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  10. I trust the ArXiv, particularly when it is combined with a distributed mirroring effort such as LOCKSS ( http://www.lockss.org/lockss/Home ) to be around for a long time much more than I trust all the supposedly "archival" journals to be around forever.

    Freely available content is almost impossible to remove from the Internet. Putting a paper up anywhere makes it likely to be mirrored by archive.org. Putting it on the ArXiv makes it even more likely to be widely archived and copied, and when combined with LOCKSS, it seems like you would need to assume a scenario involving the destruction of the Internet and all electronic media (but no corresponding destruction of paper or of journal companies) in order to make journals the safer place for archiving things.

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  11. Does IEEE have a plan to ever release its papers from behind its paywall? I just tried to download a paper from FOCS 1991, but it is still not available to the public. Why not?

    The arXiv has been much more successful at establishing funding sources that allow it to actually distribute its archived papers.

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  12. I agree with the rest. There is no point to publish in journals any more, unless you are interested in having a slick looking paper copy of it on your self. The disadvantages of publishing are much more, as someone else has pointed out the worst one is to transfer the right to a company only interested in making profit.

    I think arXive is doing a very good job in keeping papers around, much better than springer. For the referee process, conferences are doing relatively well. Adding a approval and comment option to arXive can make it much better, if a paper really worth being published and referred later, it will be read by at least one specialist in the area and that person can just point out errors if there are any. How many specialists do you think have read Karp's paper? On the other hand asking specialist in areas to read papers as referees for papers which are not that important and no one is going to refer to them is just waste of resources.

    The comment about IEEE is very pointed. I can assure you that a for profit company would never keep these papers available if they decide at some that providing these services are not profitable anymore. Trusting them for keeping everything around is absurd.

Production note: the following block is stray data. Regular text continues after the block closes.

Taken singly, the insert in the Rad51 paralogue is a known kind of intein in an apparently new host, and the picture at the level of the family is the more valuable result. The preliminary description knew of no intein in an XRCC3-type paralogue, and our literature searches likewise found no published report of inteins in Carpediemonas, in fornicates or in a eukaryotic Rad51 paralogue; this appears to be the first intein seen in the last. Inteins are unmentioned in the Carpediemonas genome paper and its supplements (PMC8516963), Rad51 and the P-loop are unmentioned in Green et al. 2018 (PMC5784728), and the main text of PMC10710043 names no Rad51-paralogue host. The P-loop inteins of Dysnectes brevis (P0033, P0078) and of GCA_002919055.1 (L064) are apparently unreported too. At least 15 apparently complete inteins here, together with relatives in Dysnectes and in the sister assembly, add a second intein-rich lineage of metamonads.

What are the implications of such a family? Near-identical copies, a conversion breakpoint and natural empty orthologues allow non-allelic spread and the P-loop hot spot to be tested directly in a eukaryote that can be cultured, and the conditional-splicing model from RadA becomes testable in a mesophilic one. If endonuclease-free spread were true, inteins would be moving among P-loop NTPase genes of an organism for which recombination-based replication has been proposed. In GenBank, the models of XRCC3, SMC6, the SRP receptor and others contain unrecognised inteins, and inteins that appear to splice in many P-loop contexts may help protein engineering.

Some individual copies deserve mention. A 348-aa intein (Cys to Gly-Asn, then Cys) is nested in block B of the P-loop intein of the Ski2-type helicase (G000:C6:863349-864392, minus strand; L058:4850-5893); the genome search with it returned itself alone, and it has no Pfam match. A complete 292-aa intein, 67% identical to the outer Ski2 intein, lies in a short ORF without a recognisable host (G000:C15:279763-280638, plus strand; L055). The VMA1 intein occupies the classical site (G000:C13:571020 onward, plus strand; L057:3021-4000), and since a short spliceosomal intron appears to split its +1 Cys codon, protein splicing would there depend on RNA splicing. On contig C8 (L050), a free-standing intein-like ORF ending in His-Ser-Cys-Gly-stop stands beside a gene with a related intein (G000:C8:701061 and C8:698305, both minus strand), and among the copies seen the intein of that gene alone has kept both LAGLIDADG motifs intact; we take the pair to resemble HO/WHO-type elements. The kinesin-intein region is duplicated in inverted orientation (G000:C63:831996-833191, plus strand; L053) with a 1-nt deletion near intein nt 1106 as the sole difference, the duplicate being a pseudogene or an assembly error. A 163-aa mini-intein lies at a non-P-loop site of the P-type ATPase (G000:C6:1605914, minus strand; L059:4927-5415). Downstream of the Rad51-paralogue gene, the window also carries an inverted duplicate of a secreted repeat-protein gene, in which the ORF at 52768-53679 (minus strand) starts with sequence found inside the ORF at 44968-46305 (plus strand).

There are some reasons to publish in journals, but not in those which want the copyright on your work and get paid for providing them to readers. Let me give you an example, I published a paper in one of the most famous springer journals which has been around for decades. The editor from springer missed a number of very simple typos which a friend of mine pointed out to a few weeks ago.

    I won't go into the amount springer is charging libraries of universities for accessing the same papers they have written, Don's letter is explain it clearly.

    Let me summarize. arXive is doing a good job in keeping papers available and can be trusted more than for profit companies to keep them for the next centenary.
    For vetting, there is a problem, but the solution is not necessary publishing in journals. Finally, if we want people to write more readable papers, the solution is not asking them to publish in journals, but to ask them to write better papers.

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  13. "For the referee process, conferences are doing relatively well. "

    What measure are you using to evaluate how well conferences do in terms of refereeing?

    I'm sure we've all had experiences where a conference referee makes good comments or points out an error/ambiguity. But when you read a paper in a conference proceedings, you have no idea if a referee actually read this paper carefully. Sometimes, referees do a good job, but sometimes they do not. How do you know?